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The Roman Empire, both in its pagan and Christian times, gave little or no impetus to the study of science.
Rome was a practical society that respected the technique, but considered science as unhelpful as painting and poetry. What Rome valued was economic, political and military power.
The astronomical knowledge during this period is what was already known in the Helena era, that is, some geocentric theories (Aristotle) and the existence of planets visible to the naked eye: Mercury, Venus, Mars, Jupiter and Saturn, with special mention of our natural satellite, the Moon always known and considered as a God.
We cannot fail to mention the Roman philosopher Lucretius, from the 1st century B.C., and his famous work De Rerum Natura, in which we find a conception of the Universe very close to the modern one, in some ways, and strangely retrograde, in others.
According to Lucretius, matter was made up of imperishable atoms. These are eternally in motion, they unite and separate constantly, forming and undoing lands and suns, in an endless succession. Our world is only one among an infinite of coexisting worlds; the Earth was created by the casual union of innumerable atoms and its end is not far, when the atoms that form it disintegrate.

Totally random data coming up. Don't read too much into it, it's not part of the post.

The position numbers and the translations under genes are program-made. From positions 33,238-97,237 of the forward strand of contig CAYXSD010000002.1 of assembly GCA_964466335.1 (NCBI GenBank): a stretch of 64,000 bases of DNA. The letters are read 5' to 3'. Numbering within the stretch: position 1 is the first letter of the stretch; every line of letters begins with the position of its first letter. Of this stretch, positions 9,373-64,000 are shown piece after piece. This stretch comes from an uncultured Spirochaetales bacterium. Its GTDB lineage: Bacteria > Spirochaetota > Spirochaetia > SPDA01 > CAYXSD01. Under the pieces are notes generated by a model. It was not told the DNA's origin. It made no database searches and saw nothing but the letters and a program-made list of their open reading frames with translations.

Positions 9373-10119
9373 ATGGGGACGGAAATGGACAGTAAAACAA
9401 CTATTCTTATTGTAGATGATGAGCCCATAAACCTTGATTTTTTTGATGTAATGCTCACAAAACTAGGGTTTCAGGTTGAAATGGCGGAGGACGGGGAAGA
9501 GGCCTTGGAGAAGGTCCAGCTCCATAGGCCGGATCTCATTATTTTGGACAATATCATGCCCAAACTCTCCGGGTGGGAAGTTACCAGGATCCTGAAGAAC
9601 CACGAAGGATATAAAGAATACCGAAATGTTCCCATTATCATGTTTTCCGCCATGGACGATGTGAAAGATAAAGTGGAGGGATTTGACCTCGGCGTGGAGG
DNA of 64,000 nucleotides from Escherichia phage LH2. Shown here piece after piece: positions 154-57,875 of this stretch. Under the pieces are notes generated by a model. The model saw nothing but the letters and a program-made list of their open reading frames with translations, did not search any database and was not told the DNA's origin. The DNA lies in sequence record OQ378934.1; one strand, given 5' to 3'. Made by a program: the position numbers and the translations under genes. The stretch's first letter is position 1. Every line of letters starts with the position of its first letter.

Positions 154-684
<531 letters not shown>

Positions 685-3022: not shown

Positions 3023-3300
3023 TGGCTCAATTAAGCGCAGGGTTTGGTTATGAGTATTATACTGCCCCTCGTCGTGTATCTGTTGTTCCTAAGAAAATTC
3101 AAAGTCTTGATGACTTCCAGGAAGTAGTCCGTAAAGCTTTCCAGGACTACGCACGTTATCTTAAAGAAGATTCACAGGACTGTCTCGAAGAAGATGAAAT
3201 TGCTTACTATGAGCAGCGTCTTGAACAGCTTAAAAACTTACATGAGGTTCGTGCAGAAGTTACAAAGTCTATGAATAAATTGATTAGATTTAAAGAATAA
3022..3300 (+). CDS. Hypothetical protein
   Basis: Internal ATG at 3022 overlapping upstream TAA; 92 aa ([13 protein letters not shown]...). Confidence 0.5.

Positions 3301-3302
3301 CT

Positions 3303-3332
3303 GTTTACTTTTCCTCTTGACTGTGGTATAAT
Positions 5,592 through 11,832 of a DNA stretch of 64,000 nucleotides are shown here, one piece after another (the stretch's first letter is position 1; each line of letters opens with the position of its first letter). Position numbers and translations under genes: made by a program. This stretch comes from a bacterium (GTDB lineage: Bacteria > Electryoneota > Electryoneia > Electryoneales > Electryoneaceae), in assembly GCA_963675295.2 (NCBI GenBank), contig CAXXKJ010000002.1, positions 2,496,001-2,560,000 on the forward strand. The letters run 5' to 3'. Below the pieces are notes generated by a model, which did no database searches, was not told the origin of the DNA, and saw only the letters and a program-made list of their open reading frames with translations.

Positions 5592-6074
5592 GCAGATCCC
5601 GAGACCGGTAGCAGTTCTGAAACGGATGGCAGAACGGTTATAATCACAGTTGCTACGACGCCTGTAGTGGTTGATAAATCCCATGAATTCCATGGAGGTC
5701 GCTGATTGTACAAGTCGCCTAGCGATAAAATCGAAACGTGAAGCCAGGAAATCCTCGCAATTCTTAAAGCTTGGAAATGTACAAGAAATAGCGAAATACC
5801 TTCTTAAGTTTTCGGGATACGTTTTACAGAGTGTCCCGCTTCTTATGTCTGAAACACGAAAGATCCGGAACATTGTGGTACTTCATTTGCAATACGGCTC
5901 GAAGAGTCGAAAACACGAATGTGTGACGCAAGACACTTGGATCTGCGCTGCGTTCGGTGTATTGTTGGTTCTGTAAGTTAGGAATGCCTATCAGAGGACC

But Lucretius could not accept that the Earth was round. Actually, when Lucretius spoke of an infinite number of worlds he was referring to systems similar to what he believed was ours: a flat earth contained in a celestial sphere. But undoubtedly, despite his mistakes, the cosmic vision of Lucretius is still curiously prophetic.
It is believed that fanatical Christians destroyed the Library of Alexandria where the knowledge of humanity was concentrated until that moment, Plato's academy was closed, the Serapetum of Alexandria, center of knowledge, was destroyed and many of the wise men who were in their fields were killed.
Scholars fled from Alexandria and Rome to Byzantium and science had a new stage of development in the field of Islam.
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